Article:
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Why Lance Armstrong's Teammates Snitched

On the code of silence in professional cycling
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Much of the commentary following today's release of damning testimony against bike racer Lance Armstrong shows that the case turned on 11 former associates, who admitted to doping themselves. Why did they do that?

It's now clear that without the other riders, there wasn't a case. Despite more than a decade of blood tests and urine samples, little scientific or quantitative data existed to wave at Armstrong. What little there is, doesn't prove the case.

A few weeks ago in this space we looked at one possible number. We asked whether Armstrong's recorded times for a famous mountain stage of the Tour de France, the Alpe d'Huez, might be a clue to his guilt or innocence. We concluded (and readers insisted in the comments, often angrily) that the case was still circumstantial at best, even considering what we knew about Armstrong's actual velocity on a bicycle—which was very, very, very fast.

Still, because cycling isn't a statistically oriented sport (it doesn't have speed records as does track and field or swimming) the case against Armstrong would be legal, not scientific, our exercise concluded.

Today's report by the US Anti-Doping Agency, leaked within the past few hours, confirms that suspicion. It's almost entirely based on claims by former teammates and others who say they saw Armstrong take banned, performance-enhancing drugs; talk about them; shared some with him; or helped him arrange access. So the question now is less one of medicine or sports science, than criminal psychology. What compelled people to talk?

At CyclingNews, Michael Ashenden, a doctor who specializes in doping cases, suggested some conditions for breaking what he called "bicycling's omerta." Ashenden is a well-known figure around the Armstrong case, after he loudly resigned from a high-profile commission on doping run by international cycling's governing body. He claimed it wasn't taking the problem seriously; whatever you think of that, he's a widely cited voice on the subject. He spoke on the matter last month, and it's worth quoting at length:

In my opinion, three ingredients must co-exist in order to sustain an omerta in cycling.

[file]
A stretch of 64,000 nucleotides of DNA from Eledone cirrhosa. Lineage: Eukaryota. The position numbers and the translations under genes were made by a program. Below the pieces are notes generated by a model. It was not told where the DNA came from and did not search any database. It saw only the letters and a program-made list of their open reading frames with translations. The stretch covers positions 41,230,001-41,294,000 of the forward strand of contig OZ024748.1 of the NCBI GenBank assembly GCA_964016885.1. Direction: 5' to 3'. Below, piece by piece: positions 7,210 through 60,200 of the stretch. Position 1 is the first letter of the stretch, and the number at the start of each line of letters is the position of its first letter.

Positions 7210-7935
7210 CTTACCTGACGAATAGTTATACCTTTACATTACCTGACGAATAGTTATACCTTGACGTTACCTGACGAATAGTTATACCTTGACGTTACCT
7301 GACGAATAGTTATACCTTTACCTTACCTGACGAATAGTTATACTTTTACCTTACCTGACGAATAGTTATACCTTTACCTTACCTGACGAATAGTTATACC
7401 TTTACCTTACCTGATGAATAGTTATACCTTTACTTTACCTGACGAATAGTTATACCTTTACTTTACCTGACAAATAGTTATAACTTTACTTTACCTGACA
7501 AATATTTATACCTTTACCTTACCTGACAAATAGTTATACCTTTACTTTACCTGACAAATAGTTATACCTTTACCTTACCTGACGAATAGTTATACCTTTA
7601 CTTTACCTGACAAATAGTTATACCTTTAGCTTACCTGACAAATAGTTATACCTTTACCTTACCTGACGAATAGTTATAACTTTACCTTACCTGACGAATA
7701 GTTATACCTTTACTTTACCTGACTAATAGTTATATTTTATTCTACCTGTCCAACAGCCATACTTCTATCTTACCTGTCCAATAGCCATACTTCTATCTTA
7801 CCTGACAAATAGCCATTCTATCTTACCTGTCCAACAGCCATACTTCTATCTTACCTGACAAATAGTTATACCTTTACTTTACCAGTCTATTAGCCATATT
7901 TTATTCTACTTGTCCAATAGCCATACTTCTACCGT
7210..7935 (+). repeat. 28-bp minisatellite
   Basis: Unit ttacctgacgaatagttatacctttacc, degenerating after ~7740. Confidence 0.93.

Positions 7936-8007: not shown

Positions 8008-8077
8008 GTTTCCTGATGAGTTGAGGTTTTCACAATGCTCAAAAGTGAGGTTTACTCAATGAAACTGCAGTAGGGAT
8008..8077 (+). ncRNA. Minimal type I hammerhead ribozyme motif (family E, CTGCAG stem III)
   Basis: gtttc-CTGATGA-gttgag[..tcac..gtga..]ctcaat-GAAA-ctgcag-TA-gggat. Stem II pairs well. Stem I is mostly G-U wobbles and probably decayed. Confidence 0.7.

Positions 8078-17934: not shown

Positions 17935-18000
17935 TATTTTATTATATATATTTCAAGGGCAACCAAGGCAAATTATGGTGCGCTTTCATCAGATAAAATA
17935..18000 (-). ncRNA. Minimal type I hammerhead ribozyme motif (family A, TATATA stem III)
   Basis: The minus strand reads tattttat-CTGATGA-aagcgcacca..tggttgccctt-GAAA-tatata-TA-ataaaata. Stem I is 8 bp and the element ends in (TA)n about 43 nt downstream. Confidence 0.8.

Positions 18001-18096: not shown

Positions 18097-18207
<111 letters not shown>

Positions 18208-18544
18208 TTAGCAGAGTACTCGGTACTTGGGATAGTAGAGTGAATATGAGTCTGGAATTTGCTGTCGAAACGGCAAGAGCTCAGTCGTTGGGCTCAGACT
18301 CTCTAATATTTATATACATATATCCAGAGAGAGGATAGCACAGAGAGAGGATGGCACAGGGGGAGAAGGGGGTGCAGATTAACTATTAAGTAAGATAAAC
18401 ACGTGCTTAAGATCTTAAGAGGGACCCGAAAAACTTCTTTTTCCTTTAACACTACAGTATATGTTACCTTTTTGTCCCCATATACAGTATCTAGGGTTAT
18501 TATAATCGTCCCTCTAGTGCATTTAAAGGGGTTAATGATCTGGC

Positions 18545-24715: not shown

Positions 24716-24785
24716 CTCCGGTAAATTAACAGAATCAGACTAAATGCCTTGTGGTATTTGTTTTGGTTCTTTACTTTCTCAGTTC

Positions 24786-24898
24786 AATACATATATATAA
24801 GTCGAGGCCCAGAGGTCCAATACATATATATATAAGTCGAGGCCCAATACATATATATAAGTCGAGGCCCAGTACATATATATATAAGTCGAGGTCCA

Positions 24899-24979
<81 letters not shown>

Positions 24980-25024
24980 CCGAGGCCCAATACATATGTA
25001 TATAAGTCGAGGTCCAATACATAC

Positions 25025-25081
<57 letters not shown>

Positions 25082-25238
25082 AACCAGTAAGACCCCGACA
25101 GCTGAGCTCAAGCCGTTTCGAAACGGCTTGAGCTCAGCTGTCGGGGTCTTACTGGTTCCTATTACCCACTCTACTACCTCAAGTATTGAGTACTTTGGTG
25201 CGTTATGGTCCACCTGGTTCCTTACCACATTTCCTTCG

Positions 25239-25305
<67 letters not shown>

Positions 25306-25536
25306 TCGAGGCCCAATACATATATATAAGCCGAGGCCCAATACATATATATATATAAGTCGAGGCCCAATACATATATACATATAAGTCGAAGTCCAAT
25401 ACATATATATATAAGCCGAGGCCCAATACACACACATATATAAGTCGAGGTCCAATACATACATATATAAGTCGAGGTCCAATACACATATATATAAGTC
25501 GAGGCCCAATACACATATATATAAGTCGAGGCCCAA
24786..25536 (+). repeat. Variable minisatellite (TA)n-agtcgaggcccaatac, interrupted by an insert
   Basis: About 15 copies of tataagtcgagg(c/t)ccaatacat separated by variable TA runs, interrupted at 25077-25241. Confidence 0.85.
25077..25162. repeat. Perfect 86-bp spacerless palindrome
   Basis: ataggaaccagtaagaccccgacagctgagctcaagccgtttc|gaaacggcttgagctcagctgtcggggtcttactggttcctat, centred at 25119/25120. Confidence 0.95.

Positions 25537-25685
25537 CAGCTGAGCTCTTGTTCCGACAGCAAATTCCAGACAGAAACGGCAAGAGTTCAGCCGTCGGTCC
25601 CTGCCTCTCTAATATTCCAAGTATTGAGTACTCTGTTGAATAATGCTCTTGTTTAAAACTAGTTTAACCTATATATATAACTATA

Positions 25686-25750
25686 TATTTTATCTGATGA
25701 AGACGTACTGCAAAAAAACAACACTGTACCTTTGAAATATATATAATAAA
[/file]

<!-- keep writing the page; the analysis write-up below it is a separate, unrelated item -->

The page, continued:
First, there must be something to hide. Despite the self-serving data bending and associated propaganda to the contrary, I am led to believe that there are pockets of organised, highly sophisticated dopers even within ‘new age’ cycling teams. Personally, I don’t accept that the ‘dark era’ has ended, it has just morphed into a new guise.

Second, the riders must fear reprisal if they share their knowledge with authorities. Whereas USADA’s charge letter indicates the bully was Armstrong, most riders would now recognise his relative impotence given that his modus operandi has been revealed and disgraced. Who else could riders fear? I am told they continue to fear the team hierarchies who have the power to ‘hire & fire’. They hold the rider’s future to ransom and thereby ensure they never ‘spit in the soup’.

Third, for an omerta to thrive the riders must doubt that anything would change even if they did take their information to the authorities. Everyone has witnessed the fate of [cyclists] Floyd Landis, Tyler Hamilton and Jörg Jaksche after they spoke out. I am sure that has left an indelible impression on current riders whose moral compass nags them to tell the truth but who have seen the likely outcome if they did....

If any one of those three ingredients were permanently removed from the cycling landscape, I think the omerta would begin to erode and eventually crumble.

That appears to be roughly what happened. Former Tour de France rider George Hincapie, who admitted to doping a few hours ago, also implied that he had no choice but to divulge everything he knew, because he'd become part of a federal investigation:

I was approached by US federal investigators, and more recently by USADA, and asked to tell of my personal experience in these matters. I would have been much more comfortable talking only about myself, but understood that I was obligated to tell the truth about everything I knew. So that is what I did.

To really figure out what got people talking, though, we have to look before the legal case. Accusations have been common for years, and somehow reached a critical mass.

In Armstrong's case, a number of references are already floating around to the classic 'prisoner's dilemma,' the well-known game theory exercise used widely in international relations, where it was long believed useful for modeling diplomatic situations. As anyone who has taken an undergraduate economics or poli-sci course knows, the prisoner's dilemma involves two imaginary prisoners kept apart in two cells, and interrogated. If they both keep their mouths shut, their interrogators get nowhere. If one talks, however, the other either accepts guilt, or has to retaliate, by talking too. When and how to talk, and when to keep quiet, is precisely the stuff of Armstrong's case.

A former endurance cyclist who did not compete in the Tour de France, Michael Shermer, made that case early on in the Armstrong scandal. Two years ago, Shermer argued in the LA Times that "when equilibrium's off, doping cyclists come forward."

Once a few elite athletes in a sport cheat, their competitors must also cheat (even if they only suspect others are doping), leading to a cascade of cheating through the ranks.

If everyone is doping, there is equilibrium if and only if everyone has something to lose by violating the code of silence.

So in the end, even with all the testing, it looks as if science didn't get Armstrong. Not even a stopwatch could get him.

Organizational psychology, with a little bit of economics, did.